Florida Man Asks 11th Circuit to Overturn Ponzi Conviction

(CN) – The attorney for a South Florida man convicted of carrying out a billion dollar life insurance and investment scam, asked the 11th Circuit to void the sentence because, he said, his client wasn’t dishonest, merely too trusting.

Anthony Livoti Jr. was sentenced to a decade in prison in April 2014 after he was found guilty of conspiracy, mail and wire fraud and money laundering.

Prior to his arrest, Livoti acted as an independent “premium trustee” for Mutual Benefits Corp, a firm founded by brothers Joel Steinger and Steven Steiner in 1996.

Livoti was also the designated “owner” of many of the life insurance policies purchased by the company.

According to court documents, Mutual Benefits Corp. sold over $1 billion worth of life insurance policies to over 30,000 seniors and terminally ill individuals over a 10 year period.

But the government said the enterprise was little more than a Ponzi scheme in which Livoti and other MBC official conspired to misappropriate funds for the personal use and benefit.

The indictment lodged against Livoti said he controlled the company’s bank accounts, and pooled policyholders’ and investors money in those accounts.

“By pooling all of the money together, MBC paid premiums on older policies by using premium money set aside for newer policies, creating a Ponzi scheme,” the indictment says.

In the end, the government said, policyholders and investors lost about $837 million.

On Tuesday, attorney Richard Klugh of Miami, Fla., sought to portray his client in an entirely different light.

Standing before the three-judge panel, Klugh argued Livoti’s main responsibilities at MBC were to make sure that the policies stayed current, and that payments went out to investors.

“He was not involved in the business part of the company,” Klugh said.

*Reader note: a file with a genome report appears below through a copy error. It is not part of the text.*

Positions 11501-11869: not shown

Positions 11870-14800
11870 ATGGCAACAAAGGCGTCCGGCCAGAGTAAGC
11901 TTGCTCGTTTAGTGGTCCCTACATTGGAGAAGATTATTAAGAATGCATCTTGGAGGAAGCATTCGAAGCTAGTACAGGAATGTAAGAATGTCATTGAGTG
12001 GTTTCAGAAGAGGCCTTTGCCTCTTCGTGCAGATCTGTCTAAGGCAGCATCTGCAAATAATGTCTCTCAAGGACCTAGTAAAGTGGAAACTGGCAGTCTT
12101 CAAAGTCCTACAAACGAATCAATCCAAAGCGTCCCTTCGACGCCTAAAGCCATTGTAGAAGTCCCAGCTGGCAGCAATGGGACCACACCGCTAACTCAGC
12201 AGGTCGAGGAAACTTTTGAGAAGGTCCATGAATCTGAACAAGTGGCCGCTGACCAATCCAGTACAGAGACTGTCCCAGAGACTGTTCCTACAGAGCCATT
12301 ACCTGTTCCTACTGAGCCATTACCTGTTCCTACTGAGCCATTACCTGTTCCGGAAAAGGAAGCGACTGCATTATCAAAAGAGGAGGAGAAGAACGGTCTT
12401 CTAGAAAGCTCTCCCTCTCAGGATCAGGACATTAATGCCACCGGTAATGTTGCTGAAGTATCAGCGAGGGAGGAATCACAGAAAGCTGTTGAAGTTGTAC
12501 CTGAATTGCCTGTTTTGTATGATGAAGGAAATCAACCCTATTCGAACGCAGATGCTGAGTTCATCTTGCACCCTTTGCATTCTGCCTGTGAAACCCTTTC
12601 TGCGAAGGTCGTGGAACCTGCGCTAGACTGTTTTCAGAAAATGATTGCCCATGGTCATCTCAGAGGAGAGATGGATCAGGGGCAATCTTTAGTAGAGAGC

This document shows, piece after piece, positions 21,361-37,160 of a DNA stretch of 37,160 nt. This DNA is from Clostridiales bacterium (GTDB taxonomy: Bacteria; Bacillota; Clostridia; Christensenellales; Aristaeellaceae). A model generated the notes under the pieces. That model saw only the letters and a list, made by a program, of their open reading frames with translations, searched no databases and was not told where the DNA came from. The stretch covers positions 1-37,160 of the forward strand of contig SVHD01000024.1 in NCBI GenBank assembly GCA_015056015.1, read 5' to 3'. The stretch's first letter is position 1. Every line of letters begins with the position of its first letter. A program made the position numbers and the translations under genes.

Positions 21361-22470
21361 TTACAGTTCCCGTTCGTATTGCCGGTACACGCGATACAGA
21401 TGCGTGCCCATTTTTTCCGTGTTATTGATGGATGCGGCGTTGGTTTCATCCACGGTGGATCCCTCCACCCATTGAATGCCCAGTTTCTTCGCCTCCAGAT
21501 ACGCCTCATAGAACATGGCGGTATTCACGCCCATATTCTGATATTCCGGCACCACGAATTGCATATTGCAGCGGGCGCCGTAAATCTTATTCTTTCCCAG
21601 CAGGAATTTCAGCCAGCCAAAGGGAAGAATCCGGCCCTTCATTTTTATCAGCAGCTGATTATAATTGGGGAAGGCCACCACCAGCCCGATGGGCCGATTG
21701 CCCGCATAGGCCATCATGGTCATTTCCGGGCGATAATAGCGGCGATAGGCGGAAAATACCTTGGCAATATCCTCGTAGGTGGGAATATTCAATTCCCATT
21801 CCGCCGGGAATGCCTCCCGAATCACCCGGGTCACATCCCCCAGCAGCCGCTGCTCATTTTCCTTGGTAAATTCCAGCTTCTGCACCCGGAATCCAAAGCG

Although he acknowledged that funds raised from selling new policies was used to pay older policies, he said the situation “was a business problem, not a fraud,” and that the practice was entirely unknown to his client.

But U.S. Circuit Judge William Pryor said that as a trustee, Livoti must have known about the premium deficiency problem.

“He was not acting as a neutral trustee when he knew that there was no money to pay the premiums,” Pryor said.

Assistant U.S. Attorney Aileen Cannon, who presented the argument for the United States, said that Livoti acted as the “facilitator of the ponzi scheme,” and that even though he knew that the investors’ funds were being mismanaged, he continued to tell them that their investments were “safe.”

“He violated his obligations as trustee and fiduciary,” said Cannon.

Cannon also argued that during one of MBC’s sales seminars in 2003, Livoti made false representations to investors.

Klugh countered by saying his client not selling policies, and that the business problem he’d described earlier developed over time.

But Pryor was unconvinced.

“He’s told that there is a premium deficiency problem, and he tells investors that there’s plenty of money flowing,” the judge said.

Prosecutors said Livoti knew that MBC acquired a number of fraudulent life insurance policies, and that they concealed from investors that many of the policies had provisions that restricted the transfer of policies to “gift assignments,” meaning that the policy could only be transferred as a gift and that it could not be sold.

“Livoti signed documents falsely stating that he had received these policies as a gift and as a friend of the insured,” the indictment says.

“My understanding of the transfers of the policies was that any formal gift provision was determined not to bar transferee rights, and that Livoti was successful in challenging any dispute of this by insurers. Certainly, the investors were not adversely affected, and Livoti’s position on transferor/transferee rights was correct and prevailed,” Klugh said.

The indictment also claims that Livoti  was involved with the false representations made in connection with the life expectancies of the policies where investors were told that 80 percent of all MBC policies matured at or before the predicted time.

Addressing these matters Tuesday, Klugh said, “Every now and then a person might outlive the policy, that’s normal …”

The panel did not indicate when they will render a decision in the case. Klugh expects the court to issue its decision in about three months.

%d bloggers like this: